The winter meetings in Las Vegas seemed to be all about Noah Syndergaard and J.T. Realmuto rumors. A secondary story each year is the Veterans Committee and their Hall-of-Fame selections. Controversy ensued this year when the committee announced the election of Harold Baines and Lee Smith. Baines, specifically, caught the ire of the analytics community. Mets and Yankees fans, however, saw this as an opportunity to stump for their favorite first baseman to make it into the Hall. Although I believe Keith Hernandez and Don Mattingly are just as good a candidate as Baines, this selection is more about the position than actual player comparison.
Harold Baines played 50% of his games as a designated hitter. This position has existed since 1973 but was largely ignored as a viable spot for elite talent. While closers were trying to push their way into the Hall discussion, the DH evolved into one of the more prominent offensive positions. Players who hit .300, get on base at a .400 rate and slug at .500 or better are elite in any era. Today, thanks to the launch angle, only two of those three are valued, but one can’t deny individuals that reach this milestone are in a special class. When using that benchmark, Edgar Martinez stacks up with luminaries such as Ruth, Williams, Gehrig, and Ty Cobb. In short, he should be the poster child of why the DH should be taken as seriously as any other position when discussing the Hall-of-Fame. There is a good chance he will be elected in January and join Baines and Smith in Cooperstown this summer.
What is the point with respect to Baines? He is a DH and is being recognized as such. You can’t compare Baines to Hernandez, Mattingly or any other position player that you feel has been slighted by the Veterans Committee or BBWAA. If you use Baseball-Reference and rank the top five players who spent more than 50% of their games never touching a glove, Baines ranks fourth all-time behind Frank Thomas (2014 HOF), David Ortiz (future Hall-of-Famer), and the aforementioned Edgar Martinez (possible 2019 class). He’s probably pointing downward towards the Don Baylor/Hal McRae crowd, but 2,866 hits over 20 plus years isn’t just a compiler. Bad players don’t last two decades in Major League Baseball Baines was an integral part of offenses up until the age of 40. He was a key component to deadline deals for stretch runs in Texas, Oakland, and Baltimore. In short, he is not an egregious choice. The DH position is still so young that Travis Hafner comes up in that same top-ten WAR that Baines finished fourth. In 30 years, this might look a bit worse, but today Baines is one of the elite players at the position.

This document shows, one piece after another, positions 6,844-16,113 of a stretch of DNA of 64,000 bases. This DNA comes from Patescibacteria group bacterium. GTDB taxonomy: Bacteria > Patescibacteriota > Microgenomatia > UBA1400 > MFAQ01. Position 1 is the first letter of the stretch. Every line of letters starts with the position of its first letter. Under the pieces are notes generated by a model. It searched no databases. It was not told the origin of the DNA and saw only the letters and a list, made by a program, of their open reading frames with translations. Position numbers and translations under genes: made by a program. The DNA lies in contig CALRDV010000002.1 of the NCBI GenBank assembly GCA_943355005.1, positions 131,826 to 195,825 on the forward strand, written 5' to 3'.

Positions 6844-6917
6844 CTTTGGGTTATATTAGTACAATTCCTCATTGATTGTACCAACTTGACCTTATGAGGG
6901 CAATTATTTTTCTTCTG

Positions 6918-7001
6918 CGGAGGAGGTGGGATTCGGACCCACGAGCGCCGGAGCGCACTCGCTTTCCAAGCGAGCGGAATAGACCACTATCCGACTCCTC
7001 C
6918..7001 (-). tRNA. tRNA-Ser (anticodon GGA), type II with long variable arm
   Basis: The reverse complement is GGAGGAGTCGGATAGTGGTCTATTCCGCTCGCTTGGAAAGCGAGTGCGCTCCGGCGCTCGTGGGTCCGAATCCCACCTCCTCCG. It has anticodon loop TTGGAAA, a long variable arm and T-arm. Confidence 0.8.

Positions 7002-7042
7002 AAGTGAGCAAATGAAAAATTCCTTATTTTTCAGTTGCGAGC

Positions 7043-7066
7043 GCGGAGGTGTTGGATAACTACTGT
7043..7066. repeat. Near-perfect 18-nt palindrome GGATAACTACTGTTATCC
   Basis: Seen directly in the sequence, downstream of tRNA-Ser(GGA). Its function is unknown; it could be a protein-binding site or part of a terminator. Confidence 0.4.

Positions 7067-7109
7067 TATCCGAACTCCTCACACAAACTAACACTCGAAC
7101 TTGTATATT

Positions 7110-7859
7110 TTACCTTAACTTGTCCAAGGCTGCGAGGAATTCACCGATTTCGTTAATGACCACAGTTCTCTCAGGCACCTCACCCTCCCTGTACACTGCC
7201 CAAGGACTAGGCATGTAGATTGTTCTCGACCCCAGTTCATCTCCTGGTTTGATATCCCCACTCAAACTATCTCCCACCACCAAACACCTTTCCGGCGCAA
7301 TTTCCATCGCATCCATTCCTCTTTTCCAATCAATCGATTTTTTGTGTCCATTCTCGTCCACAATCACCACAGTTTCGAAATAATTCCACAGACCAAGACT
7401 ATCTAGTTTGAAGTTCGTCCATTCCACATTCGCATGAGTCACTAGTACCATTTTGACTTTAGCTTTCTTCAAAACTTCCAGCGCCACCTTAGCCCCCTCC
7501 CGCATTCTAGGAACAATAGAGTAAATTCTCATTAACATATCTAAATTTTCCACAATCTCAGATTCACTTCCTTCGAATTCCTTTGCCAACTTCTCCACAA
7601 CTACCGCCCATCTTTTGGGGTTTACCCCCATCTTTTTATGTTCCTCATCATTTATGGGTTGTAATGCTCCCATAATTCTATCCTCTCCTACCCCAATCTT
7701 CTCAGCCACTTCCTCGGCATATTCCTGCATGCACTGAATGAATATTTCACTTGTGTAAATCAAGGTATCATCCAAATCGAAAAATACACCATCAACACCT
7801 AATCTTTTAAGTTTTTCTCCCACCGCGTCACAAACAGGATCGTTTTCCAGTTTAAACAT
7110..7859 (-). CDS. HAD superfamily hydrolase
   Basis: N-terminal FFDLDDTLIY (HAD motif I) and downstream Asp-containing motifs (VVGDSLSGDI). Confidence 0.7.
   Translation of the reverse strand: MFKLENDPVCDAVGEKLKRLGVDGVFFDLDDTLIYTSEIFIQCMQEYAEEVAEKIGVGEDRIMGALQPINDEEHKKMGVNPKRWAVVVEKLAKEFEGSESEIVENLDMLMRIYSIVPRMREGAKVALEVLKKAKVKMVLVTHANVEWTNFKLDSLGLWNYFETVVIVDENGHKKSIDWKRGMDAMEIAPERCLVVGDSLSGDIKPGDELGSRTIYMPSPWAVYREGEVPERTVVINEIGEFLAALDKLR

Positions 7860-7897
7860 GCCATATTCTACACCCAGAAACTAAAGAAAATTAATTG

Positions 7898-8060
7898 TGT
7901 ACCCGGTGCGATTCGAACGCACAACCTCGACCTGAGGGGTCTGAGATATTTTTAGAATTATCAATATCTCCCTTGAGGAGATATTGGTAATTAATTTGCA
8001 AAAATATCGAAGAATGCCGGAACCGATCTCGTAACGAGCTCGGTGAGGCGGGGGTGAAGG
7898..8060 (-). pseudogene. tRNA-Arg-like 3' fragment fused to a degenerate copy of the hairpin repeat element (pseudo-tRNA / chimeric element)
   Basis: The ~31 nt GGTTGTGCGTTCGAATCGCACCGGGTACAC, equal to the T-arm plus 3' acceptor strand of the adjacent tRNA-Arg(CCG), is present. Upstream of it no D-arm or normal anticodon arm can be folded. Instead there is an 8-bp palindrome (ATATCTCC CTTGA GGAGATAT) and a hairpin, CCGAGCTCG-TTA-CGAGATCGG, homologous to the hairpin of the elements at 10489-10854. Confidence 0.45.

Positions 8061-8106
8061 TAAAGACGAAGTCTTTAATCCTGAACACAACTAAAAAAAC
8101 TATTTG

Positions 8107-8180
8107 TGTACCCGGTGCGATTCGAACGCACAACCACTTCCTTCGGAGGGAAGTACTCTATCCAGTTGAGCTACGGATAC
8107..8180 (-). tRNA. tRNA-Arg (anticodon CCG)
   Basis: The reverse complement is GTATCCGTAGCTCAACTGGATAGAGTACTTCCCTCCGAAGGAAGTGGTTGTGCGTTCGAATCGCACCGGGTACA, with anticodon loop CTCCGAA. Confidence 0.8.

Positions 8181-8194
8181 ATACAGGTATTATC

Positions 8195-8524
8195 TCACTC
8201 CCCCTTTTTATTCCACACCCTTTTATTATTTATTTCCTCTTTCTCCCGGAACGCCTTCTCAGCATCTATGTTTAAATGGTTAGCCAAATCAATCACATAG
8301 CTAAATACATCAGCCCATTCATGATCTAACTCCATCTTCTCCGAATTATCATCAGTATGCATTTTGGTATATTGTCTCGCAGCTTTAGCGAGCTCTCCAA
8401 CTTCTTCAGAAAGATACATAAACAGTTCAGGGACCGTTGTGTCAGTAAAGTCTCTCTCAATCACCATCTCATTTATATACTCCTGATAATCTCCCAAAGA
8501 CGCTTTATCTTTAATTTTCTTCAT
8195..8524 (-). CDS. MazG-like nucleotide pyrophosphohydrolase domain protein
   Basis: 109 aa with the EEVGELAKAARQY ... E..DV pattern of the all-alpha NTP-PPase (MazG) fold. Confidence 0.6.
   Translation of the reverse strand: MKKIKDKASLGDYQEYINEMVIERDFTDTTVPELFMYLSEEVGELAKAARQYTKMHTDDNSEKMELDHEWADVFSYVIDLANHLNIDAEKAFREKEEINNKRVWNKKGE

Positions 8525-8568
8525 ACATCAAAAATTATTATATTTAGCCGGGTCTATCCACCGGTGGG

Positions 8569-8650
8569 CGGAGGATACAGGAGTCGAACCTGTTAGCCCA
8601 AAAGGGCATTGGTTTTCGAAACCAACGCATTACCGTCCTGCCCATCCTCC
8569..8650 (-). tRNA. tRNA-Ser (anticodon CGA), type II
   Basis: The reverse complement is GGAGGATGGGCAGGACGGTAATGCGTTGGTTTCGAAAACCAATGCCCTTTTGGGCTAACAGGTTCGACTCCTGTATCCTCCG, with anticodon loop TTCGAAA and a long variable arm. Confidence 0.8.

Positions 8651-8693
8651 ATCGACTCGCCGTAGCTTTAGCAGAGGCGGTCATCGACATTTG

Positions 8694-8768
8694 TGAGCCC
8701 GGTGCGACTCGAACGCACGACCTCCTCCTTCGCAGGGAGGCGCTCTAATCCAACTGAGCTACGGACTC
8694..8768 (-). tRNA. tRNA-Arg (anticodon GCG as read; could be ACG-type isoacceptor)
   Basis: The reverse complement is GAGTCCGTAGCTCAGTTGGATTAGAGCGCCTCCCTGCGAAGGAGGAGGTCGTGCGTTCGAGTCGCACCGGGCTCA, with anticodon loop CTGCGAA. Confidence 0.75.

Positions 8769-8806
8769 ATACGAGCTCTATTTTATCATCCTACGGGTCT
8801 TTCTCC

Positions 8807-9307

The real barometer of Hernandez and Mattingly is another player that was up for selection: Will Clark. There are currently only seven first basemen in the Hall-of-Fame that played 90% of their time at the position. It’s almost like the Hall has put a higher standard there than other positions. Clark is tenth all-time in Wins Above Replacement, just behind former Met John Olerud who is a shade behind Joey Votto and Hernandez. Clark doesn’t stand up to Hernandez or Mattingly defensively, but he was just as good a hitter. Hernandez was a revolutionary defender, while Mattingly was the superior hitter over a short five-year period. All three of these players should receive serious Hall consideration, but Clark only received less than five votes from the committee. Not good news for Hernandez, Mattingly or even Olerud.
In the end, I think Hernandez deserves the selection thanks to his defense and contributions to championship teams. The fact that he has excelled as a broadcaster adds a little spice (at least in my opinion) to the resume. Mattingly had too short of an elite span and Clark probably was a shade below Hernandez in totality without the defense and postseason resume. I believe the Pittsburgh Drug Trials and off-the-field vices probably will keep Hernandez on the outside looking in. The only hope is that the current curmudgeonly grandpa version of Mex helps with the sanctimony crowd.
I believe that Baines election and the subsequent debate will help future Veterans Committee’s look closer at positions like first base that seem to have a tougher evaluation process than pitchers and outfielders. Want to be angry about Baines? I suggest you look at it as a pathway to reevaluate players that have been shunned in the past, not a barometer for the beloved 1980s New York first basemen.